Вы находитесь на странице: 1из 75

Ch 9 Design Using The Graphical Tool

618 371 Linear Control Systems


Electronic and Computer System Engineering
Department of Electrical Engineering
Kittithuch Paponpen

Outline
Introduction
Improving
I
i SSE via
i cascade
d compensation
ti
Improving
p
g Transient Response
p via cascade compensation
p
Improving SSE & Transient Response via cascade

compensation
Physical realization of compensation

Improving transient response via cascade


compensation
The objective is to design a response that has a desirable

percent overshoot and a shorter settling time than the


uncompensated
p
system.
y
Improving the transient response of a feedback control

system by using cascade compensation


o 1. Ideal derivative compensator

9 add a pure differentiator to the forward path of the feedback

control system.
9 Add a zero to the forward-path transfer function
9 require an active network for its realization
9 Differentiation is a noisy process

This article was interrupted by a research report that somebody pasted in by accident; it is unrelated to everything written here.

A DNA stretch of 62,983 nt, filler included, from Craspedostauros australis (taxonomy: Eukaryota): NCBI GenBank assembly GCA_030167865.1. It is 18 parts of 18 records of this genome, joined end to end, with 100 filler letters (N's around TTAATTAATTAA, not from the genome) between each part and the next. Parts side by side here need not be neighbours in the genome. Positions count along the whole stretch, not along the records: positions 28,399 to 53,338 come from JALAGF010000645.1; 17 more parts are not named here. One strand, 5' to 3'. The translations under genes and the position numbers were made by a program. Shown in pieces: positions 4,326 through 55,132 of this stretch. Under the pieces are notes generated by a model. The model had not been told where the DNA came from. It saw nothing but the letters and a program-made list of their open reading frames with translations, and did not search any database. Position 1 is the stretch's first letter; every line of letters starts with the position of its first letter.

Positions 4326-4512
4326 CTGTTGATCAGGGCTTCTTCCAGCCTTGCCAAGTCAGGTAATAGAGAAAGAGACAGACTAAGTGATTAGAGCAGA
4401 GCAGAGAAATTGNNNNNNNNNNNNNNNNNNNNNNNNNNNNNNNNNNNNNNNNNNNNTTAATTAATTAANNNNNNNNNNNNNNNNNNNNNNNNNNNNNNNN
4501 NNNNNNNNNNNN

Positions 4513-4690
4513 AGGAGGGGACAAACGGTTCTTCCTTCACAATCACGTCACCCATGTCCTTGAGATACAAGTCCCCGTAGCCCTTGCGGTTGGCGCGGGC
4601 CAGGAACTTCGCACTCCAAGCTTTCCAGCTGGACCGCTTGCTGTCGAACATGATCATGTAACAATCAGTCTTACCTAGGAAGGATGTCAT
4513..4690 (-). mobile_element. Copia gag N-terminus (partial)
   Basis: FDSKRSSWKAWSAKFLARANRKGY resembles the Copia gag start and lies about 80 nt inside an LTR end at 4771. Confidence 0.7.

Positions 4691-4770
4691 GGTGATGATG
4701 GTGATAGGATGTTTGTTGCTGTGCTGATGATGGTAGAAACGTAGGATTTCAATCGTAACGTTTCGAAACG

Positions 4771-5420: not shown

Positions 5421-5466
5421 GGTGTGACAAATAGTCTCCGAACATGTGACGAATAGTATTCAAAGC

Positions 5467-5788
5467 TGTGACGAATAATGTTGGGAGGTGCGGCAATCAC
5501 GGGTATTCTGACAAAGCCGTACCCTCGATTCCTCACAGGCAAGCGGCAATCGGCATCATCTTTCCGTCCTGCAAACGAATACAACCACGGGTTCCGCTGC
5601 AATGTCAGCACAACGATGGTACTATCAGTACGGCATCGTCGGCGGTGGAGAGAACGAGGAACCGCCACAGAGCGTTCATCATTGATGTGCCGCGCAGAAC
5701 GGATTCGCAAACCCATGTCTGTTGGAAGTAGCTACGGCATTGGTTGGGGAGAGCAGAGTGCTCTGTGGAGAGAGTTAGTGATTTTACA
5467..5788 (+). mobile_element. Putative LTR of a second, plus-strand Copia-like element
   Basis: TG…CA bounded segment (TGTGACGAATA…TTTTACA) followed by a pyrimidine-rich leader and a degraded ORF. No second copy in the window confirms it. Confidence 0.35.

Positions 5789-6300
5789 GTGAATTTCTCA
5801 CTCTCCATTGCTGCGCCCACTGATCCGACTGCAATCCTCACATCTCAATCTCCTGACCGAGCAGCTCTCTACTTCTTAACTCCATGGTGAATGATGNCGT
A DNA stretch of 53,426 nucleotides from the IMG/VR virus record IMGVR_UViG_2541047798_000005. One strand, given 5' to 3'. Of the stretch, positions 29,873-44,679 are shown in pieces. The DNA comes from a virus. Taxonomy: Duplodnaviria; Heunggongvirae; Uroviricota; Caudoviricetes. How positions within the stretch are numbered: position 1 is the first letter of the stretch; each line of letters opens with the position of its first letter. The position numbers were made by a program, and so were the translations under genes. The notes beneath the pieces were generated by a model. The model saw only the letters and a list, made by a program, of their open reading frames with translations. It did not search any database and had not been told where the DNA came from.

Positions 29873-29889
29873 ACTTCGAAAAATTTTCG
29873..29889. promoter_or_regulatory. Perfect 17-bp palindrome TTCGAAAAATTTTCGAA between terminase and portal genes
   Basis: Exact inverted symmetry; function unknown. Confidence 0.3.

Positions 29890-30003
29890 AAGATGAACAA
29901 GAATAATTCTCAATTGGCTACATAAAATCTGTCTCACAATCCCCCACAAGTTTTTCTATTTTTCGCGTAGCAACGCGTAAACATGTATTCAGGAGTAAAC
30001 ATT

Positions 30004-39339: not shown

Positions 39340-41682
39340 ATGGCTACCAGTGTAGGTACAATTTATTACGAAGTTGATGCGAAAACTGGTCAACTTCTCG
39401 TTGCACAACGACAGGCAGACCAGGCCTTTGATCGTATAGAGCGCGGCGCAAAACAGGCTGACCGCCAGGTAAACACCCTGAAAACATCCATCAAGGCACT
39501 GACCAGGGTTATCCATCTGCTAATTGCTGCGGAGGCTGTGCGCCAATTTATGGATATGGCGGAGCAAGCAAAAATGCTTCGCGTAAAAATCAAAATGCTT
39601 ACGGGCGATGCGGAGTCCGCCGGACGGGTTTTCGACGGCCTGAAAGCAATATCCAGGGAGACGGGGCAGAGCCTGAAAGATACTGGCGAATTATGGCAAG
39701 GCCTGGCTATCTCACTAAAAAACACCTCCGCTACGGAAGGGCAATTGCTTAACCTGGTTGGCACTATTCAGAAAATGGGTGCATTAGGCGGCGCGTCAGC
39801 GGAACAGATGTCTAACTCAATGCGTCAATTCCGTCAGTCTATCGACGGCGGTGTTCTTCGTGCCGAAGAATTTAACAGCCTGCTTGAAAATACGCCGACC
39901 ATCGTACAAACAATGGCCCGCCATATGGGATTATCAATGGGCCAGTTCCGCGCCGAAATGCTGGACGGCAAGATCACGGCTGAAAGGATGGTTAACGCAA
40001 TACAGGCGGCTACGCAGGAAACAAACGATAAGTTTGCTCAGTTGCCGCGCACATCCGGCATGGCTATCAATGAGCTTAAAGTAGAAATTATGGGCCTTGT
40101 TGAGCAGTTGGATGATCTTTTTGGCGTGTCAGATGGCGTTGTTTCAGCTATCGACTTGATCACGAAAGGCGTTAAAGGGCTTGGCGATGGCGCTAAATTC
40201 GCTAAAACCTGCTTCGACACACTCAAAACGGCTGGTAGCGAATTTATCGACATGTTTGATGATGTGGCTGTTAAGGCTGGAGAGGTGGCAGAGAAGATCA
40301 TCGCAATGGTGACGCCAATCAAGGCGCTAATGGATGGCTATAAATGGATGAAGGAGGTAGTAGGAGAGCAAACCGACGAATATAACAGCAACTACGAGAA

9 Differentiating high-frequency noise yield a large, unwanted
signal.
9 called proportional-plus-derivative (PD) controller

Improving transient response via cascade


compensation
Improving the transient response of a feedback control

system by using cascade compensation


o 2. doesnt use pure differentiation

9 add a zero and a more distant pole to forward-path

ttransfer
f function.
f
ti
9 require a passive network
9 Called
C ll d lead
l d compensator
t

Ideal Derivative Compensation (PD)


Transient response of a system can be selected by choosing an

appropriate closed-loop pole location on the s-plane.


If this point is on the root locus, then a simple gain adjustment is
done to meet the transient response specification.
If the closed-loop pole location is not on the root locus, then the
root locus must be reshaped so that the compensated root locus
through the selected closed-loop pole location.
Poles and zeros can be added in the forward path to produce a new
root locus goes through the design point on the s-plane.
One way is to add a single zero to the forward path.

Ideal Derivative Compensation (PD)


Zero can be represented by a compensator whose transfer function

is

G c ( s ) = s + zc

This function,, the sum of a differentiator and a ppure ggain,, is called

an ideal derivative or PD controller


Choice
Ch i off the
h position
i i off the
h compensator zero can quicken
i k the
h
response over the uncompensated system.